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Would be good if he did, so Labour could perhaps form themselves into something I might want to vote for again.
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Kinyonga
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(Original post by Napp)
May has defenestrated herself nicely and Corbyn simply has to wait for the Tories to follow her out of said window like lemmings. The question is not whether he should resign but of when will he deliver the coup de grace (for better or worse).
"Defenestrated". Love that word.
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Arran90
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If the Labour Party had achieved this year's result in previous Euro Elections then there would be much pressure on their leader to resign.

Under the old FPTP system they would have elected 4 MEPs.
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L i b
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Corbyn continually loses Labour elections when any competent leader of the opposition should be capitalising on the Government's many woes. Theresa May was awful, and yet Labour looked considerably worse to the electorate.

He should not only go, he should take his rag-bag of trots, antisemites, communists, conspiracy theorists, kooks and losers with him.
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fallen_acorns
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(Original post by Napp)
May has defenestrated herself nicely and Corbyn simply has to wait for the Tories to follow her out of said window like lemmings. The question is not whether he should resign but of when will he deliver the coup de grace (for better or worse).
the problem with that is the surge of support for greens/lib dems since the 2017 election. If we were in an american system with only two parties then yes, he should keep on waiting and being patient - let the torries destroy them selves as they have been doing quite successfully.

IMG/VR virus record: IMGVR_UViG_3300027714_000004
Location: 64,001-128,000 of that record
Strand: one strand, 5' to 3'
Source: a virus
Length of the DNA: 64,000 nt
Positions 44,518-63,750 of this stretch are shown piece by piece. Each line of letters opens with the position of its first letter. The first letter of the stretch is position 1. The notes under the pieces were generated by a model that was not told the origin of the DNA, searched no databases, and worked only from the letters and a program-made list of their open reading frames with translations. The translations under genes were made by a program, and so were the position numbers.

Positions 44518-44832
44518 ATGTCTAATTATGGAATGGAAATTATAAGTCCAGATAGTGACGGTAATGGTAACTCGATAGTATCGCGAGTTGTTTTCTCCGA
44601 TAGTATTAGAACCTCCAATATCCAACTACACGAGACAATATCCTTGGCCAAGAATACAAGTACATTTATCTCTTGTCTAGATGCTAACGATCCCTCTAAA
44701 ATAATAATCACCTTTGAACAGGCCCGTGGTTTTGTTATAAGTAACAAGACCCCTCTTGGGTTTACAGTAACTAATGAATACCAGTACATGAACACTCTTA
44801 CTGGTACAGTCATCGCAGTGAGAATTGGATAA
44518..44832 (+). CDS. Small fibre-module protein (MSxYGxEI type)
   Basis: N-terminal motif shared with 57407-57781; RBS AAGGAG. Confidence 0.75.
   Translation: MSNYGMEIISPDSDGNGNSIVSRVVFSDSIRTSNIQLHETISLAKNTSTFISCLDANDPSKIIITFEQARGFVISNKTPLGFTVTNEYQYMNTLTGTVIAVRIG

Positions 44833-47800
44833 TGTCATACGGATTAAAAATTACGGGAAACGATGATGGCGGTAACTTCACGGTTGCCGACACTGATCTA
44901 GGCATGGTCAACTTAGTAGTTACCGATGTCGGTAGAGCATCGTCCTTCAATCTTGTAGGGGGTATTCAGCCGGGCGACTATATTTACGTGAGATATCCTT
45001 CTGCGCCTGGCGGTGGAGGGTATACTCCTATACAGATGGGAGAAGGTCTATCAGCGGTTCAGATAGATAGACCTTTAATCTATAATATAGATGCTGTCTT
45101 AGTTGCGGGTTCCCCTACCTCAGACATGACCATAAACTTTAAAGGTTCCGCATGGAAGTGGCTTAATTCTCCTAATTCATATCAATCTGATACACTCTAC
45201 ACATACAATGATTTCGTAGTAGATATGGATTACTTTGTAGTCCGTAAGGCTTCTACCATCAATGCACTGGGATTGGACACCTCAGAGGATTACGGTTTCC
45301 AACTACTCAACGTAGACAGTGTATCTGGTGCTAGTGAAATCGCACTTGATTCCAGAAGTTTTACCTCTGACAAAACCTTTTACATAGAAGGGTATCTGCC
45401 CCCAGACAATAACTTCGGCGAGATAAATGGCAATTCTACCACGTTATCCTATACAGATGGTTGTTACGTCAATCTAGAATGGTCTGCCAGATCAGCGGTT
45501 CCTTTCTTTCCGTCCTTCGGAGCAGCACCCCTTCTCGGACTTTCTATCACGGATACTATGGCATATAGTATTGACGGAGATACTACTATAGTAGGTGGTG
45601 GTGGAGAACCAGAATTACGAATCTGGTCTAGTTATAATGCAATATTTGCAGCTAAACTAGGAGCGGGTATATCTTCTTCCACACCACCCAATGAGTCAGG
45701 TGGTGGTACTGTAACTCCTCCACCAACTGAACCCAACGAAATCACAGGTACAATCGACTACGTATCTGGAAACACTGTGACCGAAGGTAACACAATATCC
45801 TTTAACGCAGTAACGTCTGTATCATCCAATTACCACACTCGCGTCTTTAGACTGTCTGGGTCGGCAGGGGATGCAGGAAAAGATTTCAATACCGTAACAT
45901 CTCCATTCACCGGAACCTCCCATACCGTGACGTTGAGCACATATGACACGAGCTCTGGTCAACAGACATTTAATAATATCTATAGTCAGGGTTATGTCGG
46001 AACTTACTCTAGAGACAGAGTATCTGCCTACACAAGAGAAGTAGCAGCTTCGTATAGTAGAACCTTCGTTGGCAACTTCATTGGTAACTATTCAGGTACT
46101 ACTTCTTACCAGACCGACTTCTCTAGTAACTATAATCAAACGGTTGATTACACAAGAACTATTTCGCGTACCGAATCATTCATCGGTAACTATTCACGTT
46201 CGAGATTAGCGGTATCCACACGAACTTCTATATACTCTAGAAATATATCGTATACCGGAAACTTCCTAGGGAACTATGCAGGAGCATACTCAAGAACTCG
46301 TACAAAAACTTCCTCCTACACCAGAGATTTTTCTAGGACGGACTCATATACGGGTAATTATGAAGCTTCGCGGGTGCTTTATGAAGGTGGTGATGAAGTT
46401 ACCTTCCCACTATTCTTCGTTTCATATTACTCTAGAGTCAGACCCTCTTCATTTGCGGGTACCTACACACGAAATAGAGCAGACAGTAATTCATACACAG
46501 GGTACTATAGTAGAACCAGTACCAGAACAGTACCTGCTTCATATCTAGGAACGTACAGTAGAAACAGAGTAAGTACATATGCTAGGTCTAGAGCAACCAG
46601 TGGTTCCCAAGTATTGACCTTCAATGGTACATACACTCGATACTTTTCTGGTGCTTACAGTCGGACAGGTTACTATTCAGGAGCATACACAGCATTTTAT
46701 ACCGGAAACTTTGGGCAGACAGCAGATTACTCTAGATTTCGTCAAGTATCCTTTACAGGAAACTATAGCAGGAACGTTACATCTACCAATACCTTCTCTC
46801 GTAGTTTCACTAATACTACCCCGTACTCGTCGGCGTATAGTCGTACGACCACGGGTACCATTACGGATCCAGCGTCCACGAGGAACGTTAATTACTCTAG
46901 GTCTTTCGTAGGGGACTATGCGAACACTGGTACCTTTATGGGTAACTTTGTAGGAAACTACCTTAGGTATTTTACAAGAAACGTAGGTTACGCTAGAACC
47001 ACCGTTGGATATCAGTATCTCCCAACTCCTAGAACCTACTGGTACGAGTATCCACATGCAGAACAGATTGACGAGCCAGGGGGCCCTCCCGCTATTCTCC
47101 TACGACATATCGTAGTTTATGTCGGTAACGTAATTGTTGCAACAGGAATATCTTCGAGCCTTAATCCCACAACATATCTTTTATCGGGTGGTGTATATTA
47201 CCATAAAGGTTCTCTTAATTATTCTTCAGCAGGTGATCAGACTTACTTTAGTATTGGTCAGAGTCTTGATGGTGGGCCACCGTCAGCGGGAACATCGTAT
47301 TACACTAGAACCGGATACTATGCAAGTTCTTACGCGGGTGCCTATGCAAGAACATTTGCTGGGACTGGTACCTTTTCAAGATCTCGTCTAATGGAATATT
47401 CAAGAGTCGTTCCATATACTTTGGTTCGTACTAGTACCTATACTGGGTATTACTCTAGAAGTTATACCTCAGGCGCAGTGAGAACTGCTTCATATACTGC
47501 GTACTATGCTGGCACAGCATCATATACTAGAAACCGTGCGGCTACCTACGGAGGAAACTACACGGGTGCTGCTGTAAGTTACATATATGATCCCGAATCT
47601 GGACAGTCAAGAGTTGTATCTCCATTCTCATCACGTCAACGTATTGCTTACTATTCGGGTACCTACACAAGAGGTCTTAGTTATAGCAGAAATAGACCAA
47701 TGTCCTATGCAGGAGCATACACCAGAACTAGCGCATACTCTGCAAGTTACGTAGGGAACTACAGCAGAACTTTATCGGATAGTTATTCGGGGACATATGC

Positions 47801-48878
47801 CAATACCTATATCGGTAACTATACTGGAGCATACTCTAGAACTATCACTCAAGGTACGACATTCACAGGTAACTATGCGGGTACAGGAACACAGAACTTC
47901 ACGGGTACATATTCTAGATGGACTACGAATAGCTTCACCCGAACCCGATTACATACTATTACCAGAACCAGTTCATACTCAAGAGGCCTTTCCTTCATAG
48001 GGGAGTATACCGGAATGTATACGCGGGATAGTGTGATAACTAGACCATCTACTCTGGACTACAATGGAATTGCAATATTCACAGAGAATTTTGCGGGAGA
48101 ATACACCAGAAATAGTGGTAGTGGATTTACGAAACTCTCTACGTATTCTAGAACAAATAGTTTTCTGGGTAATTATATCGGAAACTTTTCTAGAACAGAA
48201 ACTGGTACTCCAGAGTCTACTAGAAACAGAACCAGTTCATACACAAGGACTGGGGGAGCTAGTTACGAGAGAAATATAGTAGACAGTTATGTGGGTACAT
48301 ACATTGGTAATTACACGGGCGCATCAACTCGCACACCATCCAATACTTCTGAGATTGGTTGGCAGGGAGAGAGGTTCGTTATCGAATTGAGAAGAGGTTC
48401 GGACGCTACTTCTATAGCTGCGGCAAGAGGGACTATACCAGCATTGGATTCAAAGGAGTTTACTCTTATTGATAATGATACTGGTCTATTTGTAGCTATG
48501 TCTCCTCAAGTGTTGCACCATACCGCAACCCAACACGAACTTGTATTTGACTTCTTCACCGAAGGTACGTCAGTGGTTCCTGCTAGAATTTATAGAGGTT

But his indecisiveness and inability to take a clear stance is now leading to labour hemoraging votes to the other two left-wing parties, and potentially setting things up for an election where we have both a divided left and a divided right.

Which ever party can unify their 'side' first will win the next election, and corbyn could do that in a heartbeat if backed a second referendum. As long as he refuses to fully get behind one though, his 'coup' will likely never happen in my eyes.
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DSilva
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(Original post by fallen_acorns)
the problem with that is the surge of support for greens/lib dems since the 2017 election. If we were in an american system with only two parties then yes, he should keep on waiting and being patient - let the torries destroy them selves as they have been doing quite successfully.

But his indecisiveness and inability to take a clear stance is now leading to labour hemoraging votes to the other two left-wing parties, and potentially setting things up for an election where we have both a divided left and a divided right.

Which ever party can unify their 'side' first will win the next election, and corbyn could do that in a heartbeat if backed a second referendum. As long as he refuses to fully get behind one though, his 'coup' will likely never happen in my eyes.
He's in an impossible situation. If he backs a second referendum, he can wave goodbye to scores of seats up north.

The problem is not the Labour leader, the problem is that the electorate is becoming increasingly and seemingly irreversibly polarised.
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Arran90
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Labour has an advantage of having a sizeable 'captive' vote base who will vote for the party rain or shine, often out of ingrained habit or because the rest of their family are voting. The exact size of this 'captive' vote base is unknown but it's anecdotal evidence over the years points to it being larger than the vote base of Tory 'loyalists'. Labour might have lost a large swathe of pro-EU supporters to the Green Party and the Lib-Dems, and anti-EU supporters to the Brexit Party, over ambiguity and the failure to take a clear stance on Brexit, but not everybody holds a strong opinion on whether or not Britain should be a member of the EU, and there are a sizeable fraction of voters with a don't know, don't care, don't mind stance on Brexit.

I provided a detailed list of the local authorities where Labour came first but nobody has yet commented on it.

https://www.thestudentroom.co.uk/sho....php?t=5970002

The Labour voteshare shows huge variation ranging from Newham where 51.0% voted Labour to Croydon where just a mere 23.3% voted Labour.

In Greater London all apart from Barking & Dagenham voted Remain in the EU Referendum but out in the English regions the majority voted Leave.

Not one of these local authorities were in the North East and neither were any in South Yorkshire - The Brexit Party came first in all of these local authorities - which historically contained inpenetrable Labour bastions.